Nobel Conference Examines The Science of Aging

Posted on September 14th, 2004 by

The emerging science of gerontology is the topic to be explored by the 40th Nobel Conference to be held Oct. 5-6, at Gustavus Adolphus College in St. Peter, Minn. This year’s conference, titled “The Science of Aging,” will highlight the remarkably diverse fields that contribute to our knowledge of aging from physicians and molecular biologists, to demographers and economists, to caregivers and public policy activists.

The panel of experts will explore areas from the medical and psychological research on aging to the social and economic implications of growing older. This year’s panel includes:

  • Laura L. Carstensen, Department of Psychology, Stanford University. Her socioemotional selectivity theory of aging was devised through study of the development of the human personality and factors that contribute to successful aging. It has become the model for depicting how social context affects our emotional well-being in the second half of our lives.
  • Leonard Hayflick, Department of Anatomy, University of California, San Francisco. Professor Hayflick is a leading theoretician in the fields of aging and longevity determination. He discovered that normal cells have a finite capacity to divide, a phenomenon now known as the Hayflick Limit. He is the author of the popular book How and Why We Age, published in 10 languages.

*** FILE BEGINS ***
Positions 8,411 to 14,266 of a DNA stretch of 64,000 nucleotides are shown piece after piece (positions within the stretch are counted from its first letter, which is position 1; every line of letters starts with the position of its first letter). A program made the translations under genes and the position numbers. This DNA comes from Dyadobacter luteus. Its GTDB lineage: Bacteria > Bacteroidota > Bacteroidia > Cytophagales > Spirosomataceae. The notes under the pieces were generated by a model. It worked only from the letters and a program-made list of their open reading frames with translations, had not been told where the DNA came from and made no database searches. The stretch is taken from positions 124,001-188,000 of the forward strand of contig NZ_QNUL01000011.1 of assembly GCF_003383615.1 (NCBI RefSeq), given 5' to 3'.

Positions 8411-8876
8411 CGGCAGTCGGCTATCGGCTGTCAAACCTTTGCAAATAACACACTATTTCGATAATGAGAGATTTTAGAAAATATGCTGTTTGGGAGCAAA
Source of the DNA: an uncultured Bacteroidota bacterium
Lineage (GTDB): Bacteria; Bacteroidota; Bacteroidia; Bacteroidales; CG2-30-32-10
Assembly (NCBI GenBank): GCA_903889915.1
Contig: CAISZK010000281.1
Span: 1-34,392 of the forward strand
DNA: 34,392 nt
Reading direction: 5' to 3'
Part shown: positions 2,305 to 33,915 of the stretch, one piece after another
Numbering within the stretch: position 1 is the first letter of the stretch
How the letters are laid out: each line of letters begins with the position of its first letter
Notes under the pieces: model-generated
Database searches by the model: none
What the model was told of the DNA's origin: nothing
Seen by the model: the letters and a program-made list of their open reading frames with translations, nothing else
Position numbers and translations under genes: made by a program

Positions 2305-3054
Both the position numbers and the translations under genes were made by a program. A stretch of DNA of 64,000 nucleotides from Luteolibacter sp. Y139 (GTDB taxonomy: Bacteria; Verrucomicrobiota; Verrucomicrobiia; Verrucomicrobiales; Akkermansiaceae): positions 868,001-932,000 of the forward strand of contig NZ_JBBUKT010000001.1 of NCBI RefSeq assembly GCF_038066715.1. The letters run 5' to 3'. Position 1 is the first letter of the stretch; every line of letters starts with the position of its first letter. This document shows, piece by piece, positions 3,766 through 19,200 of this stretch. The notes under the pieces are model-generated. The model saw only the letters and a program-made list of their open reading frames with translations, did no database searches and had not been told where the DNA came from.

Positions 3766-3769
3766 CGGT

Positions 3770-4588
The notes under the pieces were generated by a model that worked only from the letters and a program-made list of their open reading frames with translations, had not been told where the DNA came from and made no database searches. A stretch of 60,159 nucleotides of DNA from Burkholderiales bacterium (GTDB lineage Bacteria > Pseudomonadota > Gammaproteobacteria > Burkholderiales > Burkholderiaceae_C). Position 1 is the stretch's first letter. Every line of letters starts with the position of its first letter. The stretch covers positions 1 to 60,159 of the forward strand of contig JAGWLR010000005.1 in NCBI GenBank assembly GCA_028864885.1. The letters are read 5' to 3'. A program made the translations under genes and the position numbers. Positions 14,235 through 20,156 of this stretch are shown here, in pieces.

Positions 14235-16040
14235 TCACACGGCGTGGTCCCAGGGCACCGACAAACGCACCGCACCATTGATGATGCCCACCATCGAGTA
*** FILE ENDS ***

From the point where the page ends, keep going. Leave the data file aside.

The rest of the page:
• Cynthia J. Kenyon, Departments of Biochemistry and Biophysics, University of California, San Francisco. By manipulating genes that regulate aging in laboratory experiments, Kenyon has produced a strain of animals that can live six times longer than normal and remain robust until death.
  • S. Jay Olshansky, School of Public Health, University of Illinois, Chicago. A demographer and author of The Quest for Immortality: Science Frontiers of Aging, Olshansky takes a biodemographic approach to the study of longevity that has recognized the impact the baby boomers will have on our healthcare systems and how delaying the onset of diseases associated with aging will affect the welfare and happiness of an aging population.
  • Dennis J. Selkoe, MD, Center for Neurologic Diseases, Harvard Medical School. As one of the world’s foremost researchers on the underlying molecular changes that occur in brains of persons with Alzheimer’s disease, Dr. Selkoe speaks encouragingly about prospects for controlling or preventing these changes and about the possibility of a cure.
  • Peter J. Whitehouse, MD, University Memory and Aging Center, Case Western Reserve University, Cleveland. In addition to pursuing recognized research on Alzheimer’s disease, Dr. Whitehouse has written extensively about the ethical issues related to caring for Alzheimer’s patients, quality of life, and end-of-life scenarios.

The 6,000 conference attendees can also participate in discussion sessions on Alzheimer’s disease, aging and spirituality, and issues facing caregivers on Tuesday evening. This year health-care professionals may also register for certified continuing-education credits.

The traditional closing banquet at 6:30 p.m. on Wednesday (Oct. 6) will take a look back at the 40 years of Nobel Conference, emceed by former conference director Richard Elvee. The concept for the annual conference is attributed to Nobel Laureate Glenn Seaborg at the dedication of the Alfred Nobel Hall of Science on the Gustavus campus in 1963. The first Nobel Conference was held in 1965.

The Nobel Conference at Gustavus is the oldest, ongoing lecture program in world (outside of Sweden and Norway, where the Nobel Prizes are awarded) to be fully authorized by the Nobel Foundation. Over the past four decades, the conference has hosted 59 Nobel laureates including Norman Borlaug, Gerald Edelman, Eric R. Kandel, Sir Harold Kroto, William Shockley, and most recently Christian R. de Duve.


Media Contact: Director of Media Relations and Internal Communication JJ Akin


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